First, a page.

Technology company Google is famous the world over for its sprawling facility in California, where an innovative approach to the interior design has resulted in a conducive environment that supports creativity, productivity and inventiveness. Needless to say, Google’s office in Malaysia is no different, although it is a much smaller operation. The principles behind the positively reinforcing physical environment in California bring the comfortably proportioned office in Menara Axiata to life, giving it an outstanding sense of design that has become a major HR calling card.
Google’s presence in Malaysia was officially established in 2011, with the staff spread across several office spaces. Unfortunately, the offices were not designed to express the brand, the local culture in which the company was operating nor Google’s unique working style. Therefore, the brief that Sajith Sivanandan, managing director for Malaysia, Vietnam, the Philippines and new emerging markets, gave to architecture firm M Moser & Associates was to address all these needs.
“Sajith was actually very specific about wanting a design that reflects Malaysian culture. As a company, Google tends to like contextual office spaces,” says M Moser design director Ramesh Subramaniam, who went on to design 15 other Google offices around the world after completing work on the KL office. “Aside from that, we were given carte blanche to answer the brief the way we saw fit. Based on those considerations, we came up with the concept of celebrating Malaysia’s natural wonders in all their forms throughout all the public spaces.”
The lush rainforest theme starts right at the entrance, leading into a sun-lit space shared by a café — where a delicious lunch is served daily — and an informal, amphitheatre-like space used for discussions with clients as well as for internal meetings and training sessions. The café, charmingly called Gerai Gugel, is especially indicative of the design direction Ramesh and his team worked on: swing sets (nailed to the ground, unfortunately) join traditional chairs and benches while a vertical garden creates the sensation of dining in a rainforest-inspired courtyard.
The elements of Malaysiana continue all over the office, the visual cues inspired by both cultural imagery and our natural environment. “There is a meeting room with stalactites, which is meant to be like Mulu Caves. Another that’s inspired by the beaches and, of course, the rainforest theme in the café,” Ramesh adds. This dedication to creating a strong local flavour is also what inspired the oh-so-Instagrammable batik-sheathed Google logo in the reception area — a design element that has made it into many visitors’ social media feeds. Also popular is a small, bright green meeting room called Nasi Lemak — the idea is to feel like you’re being wrapped in banana leaves, just like the much-loved dish is.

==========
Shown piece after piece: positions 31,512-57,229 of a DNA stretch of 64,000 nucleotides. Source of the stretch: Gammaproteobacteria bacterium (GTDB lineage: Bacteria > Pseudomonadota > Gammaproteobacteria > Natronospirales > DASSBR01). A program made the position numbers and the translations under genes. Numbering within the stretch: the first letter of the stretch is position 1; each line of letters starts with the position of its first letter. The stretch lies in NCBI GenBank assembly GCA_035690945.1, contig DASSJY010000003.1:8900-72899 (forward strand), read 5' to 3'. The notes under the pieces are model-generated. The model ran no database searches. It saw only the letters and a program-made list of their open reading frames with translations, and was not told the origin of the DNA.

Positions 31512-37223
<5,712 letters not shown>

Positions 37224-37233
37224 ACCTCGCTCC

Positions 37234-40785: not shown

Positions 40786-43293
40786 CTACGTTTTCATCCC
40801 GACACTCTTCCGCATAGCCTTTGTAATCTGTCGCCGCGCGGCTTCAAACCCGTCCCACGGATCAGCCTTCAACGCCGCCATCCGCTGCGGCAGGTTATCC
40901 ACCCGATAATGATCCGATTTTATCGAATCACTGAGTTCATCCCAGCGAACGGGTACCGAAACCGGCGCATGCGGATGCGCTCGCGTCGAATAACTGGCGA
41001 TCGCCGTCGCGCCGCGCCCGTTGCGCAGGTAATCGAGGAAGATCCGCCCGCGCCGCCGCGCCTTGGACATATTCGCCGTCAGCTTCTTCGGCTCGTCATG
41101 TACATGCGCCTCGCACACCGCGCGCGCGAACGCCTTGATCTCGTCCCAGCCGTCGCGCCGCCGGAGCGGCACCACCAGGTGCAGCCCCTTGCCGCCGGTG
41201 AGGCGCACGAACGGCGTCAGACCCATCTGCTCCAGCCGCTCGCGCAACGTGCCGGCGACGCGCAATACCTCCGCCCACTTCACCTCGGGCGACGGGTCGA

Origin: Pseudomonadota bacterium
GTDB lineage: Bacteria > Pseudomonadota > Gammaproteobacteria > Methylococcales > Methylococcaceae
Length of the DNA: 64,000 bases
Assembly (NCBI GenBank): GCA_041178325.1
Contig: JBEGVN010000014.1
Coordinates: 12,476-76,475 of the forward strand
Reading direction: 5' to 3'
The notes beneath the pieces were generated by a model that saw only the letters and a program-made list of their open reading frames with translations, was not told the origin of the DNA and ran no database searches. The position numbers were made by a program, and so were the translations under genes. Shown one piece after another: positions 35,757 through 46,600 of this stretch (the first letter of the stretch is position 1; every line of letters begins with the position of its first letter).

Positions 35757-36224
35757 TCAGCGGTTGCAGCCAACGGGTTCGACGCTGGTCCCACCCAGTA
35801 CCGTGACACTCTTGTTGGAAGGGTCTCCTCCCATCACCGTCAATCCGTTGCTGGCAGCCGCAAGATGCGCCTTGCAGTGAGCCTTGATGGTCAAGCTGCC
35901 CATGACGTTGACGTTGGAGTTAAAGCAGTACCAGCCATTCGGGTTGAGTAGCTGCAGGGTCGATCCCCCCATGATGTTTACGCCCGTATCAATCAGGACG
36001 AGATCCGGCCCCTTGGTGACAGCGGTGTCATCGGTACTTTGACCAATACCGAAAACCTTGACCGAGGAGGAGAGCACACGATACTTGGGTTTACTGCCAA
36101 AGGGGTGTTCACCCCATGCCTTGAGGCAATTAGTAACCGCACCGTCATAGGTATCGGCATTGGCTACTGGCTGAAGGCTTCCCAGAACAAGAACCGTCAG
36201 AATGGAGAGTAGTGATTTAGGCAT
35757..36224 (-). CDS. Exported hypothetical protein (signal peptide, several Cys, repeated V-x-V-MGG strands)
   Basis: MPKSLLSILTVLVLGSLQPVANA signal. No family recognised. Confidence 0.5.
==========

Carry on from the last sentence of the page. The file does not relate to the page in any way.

Ramesh was also careful to include Google’s corporate colours into the final design to preserve the company’s youthful and dynamic identity. “We tried to do it as respectfully as possible, and without being kitschy. Sajith actually wanted a lot more colour, so we struck a balance between what he wanted and what would have worked best,” Ramesh shares. “We put the colours in context, so it answered Sajith’s request while fitting into our design concept.”
The sun-drenched open-plan work spaces are a combination of hot-desking and permanent desks, catering for the many ways staff can opt to work. Complementing the work sections — which were off limits to our photographers — are plenty of meeting rooms and breakout spaces for group activities, one-on-one discussions or solo brainstorms. Some of these spaces are located on the outer periphery of the main section of the office, overlooking the lush greenery of Bukit Persekutuan.
“Because you have an open-plan office that encourages a lot of we-time, you also need to have smaller and more intimate spaces so whoever who needs it can get some me-time. That’s why we have these meeting rooms and private cubicles all over the office. Also, this office was created some years ago, and the alternative spaces ensure that scalability isn’t an issue — the need for expansion was built into the design.”
While the bold themes and serotonin-stimulating colours are reserved for the work areas, the spaces reserved for rest and relaxation feature a more sedate tone. On Sajith’s request, an area earmarked for the staff to let off some steam is done up in a Jonker Street theme, complete with imagery from the Unesco World Heritage site of Melaka. Soft lighting, dark cement walls and exposed brick set the tone for a relaxed environment, which, we hear, gets plenty of use when the staff need a quick break. We imagine the pool table and the ping-pong table must be especially popular. Although, if you work at Google, any part of the office is.
This article first appeared in the Spring 2017 issue of Haven, which comes complimentary with The Edge Malaysia Weekly.